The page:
Authors: Huo Yanjiao, Guo Yan, Wang Huaizhou, Li lei, Cao Kai, Wang Ningli
To investigate the change regularity and influencing factors of subfoveal choroidal thickness (SFCT) with age among adults.
A cross-sectional study was adopted.A total of 281 Chinese adults, aged between 21 and 90, were selected from working staff and retired staff of an institution who underwent routine physical examinations from June to October 2016 in Beijing Tongren Hospital.One eye of each subject was included in the study according to the random number table method.The subjects were divided into different age groups including 21-30 years group, 31-40 years group, 41-50 years group, 51-60 years group, 61-70 years group, 71-80 years group and 81-90 years group.The SFCT was measured at the fovea and at 500 μm, 1 000 μm and 2 000 μm nasal (N) and temporal (T) to fovea by high definition-optical coherence tomography.Multiple linear regression equation was used to analyze the influence of ages, gender, intraocular pressure (IOP), spherical equivalent (SE) and retinal thickness on SFCT.This study followed the Declaration of Helsinki and was approved by the Ethics Committee of Beijing Tongren Hospital, Capital Medical University (No.TRECKY2016-012). Written informed consent was obtained from each patient prior to any examination.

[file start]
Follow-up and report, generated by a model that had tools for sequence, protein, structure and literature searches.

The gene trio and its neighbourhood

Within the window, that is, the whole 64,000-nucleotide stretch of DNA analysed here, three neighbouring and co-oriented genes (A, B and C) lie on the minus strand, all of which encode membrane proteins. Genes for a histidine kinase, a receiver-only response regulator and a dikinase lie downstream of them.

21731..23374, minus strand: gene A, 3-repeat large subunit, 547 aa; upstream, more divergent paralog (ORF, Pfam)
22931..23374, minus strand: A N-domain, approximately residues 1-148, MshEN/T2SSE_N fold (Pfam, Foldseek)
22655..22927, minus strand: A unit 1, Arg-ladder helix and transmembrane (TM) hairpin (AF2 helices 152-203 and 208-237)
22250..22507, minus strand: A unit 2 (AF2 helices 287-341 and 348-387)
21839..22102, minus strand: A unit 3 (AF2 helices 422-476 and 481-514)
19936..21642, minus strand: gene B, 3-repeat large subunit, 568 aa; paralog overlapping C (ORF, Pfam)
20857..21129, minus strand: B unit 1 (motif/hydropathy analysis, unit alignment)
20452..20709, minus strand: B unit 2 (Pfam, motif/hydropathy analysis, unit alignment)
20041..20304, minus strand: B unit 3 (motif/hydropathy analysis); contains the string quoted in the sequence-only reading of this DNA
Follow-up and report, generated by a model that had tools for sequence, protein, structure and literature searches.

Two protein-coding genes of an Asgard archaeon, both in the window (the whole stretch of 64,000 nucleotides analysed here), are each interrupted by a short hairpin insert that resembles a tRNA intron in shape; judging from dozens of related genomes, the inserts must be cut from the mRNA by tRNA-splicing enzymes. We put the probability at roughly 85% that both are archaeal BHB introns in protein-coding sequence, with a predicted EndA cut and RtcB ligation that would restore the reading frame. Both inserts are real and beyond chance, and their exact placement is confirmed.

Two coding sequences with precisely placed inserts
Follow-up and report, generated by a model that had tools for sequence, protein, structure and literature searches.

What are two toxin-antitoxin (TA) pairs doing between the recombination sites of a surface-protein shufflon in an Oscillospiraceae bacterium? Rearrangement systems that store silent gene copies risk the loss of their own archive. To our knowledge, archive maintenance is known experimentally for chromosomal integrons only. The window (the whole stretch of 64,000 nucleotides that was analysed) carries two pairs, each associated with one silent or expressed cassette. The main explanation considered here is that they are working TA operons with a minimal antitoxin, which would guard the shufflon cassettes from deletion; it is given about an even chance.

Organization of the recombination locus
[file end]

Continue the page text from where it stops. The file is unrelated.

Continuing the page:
Mean SFCT of eligible 229 subjects (229 eyes) was (218.73±79.69)μm.Choroid became thinner gradually towards nasal and temporal part.There were significant differences in SFCT, N2 000, N1 000, N500, T500, T1 000 and T2 000 among all age groups (F=27.05, 22.85, 25.38, 29.11, 32.55, 29.22, 28.70, all at P<0.01). Choroidal thicknesses of all locations showed age-related linear decrease with a steep drop after 50 years old (R2ranged 0.35-0.47, all at P<0.01). SFCT was associated with SE (β=-10.07, P<0.01) and age (β=-2.43, P<0.01) but not related with gender (β=-19.69, P=0.057), foveal thickness (β=0.02, P=0.897) or IOP (β=-0.86, P=0.466).
SFCT shows an age related linear decrease with a steep decline after 50 years old, which was associated with aging and higher SE in myopia, but not related with gender, foveal thickness or IOP within the normal range.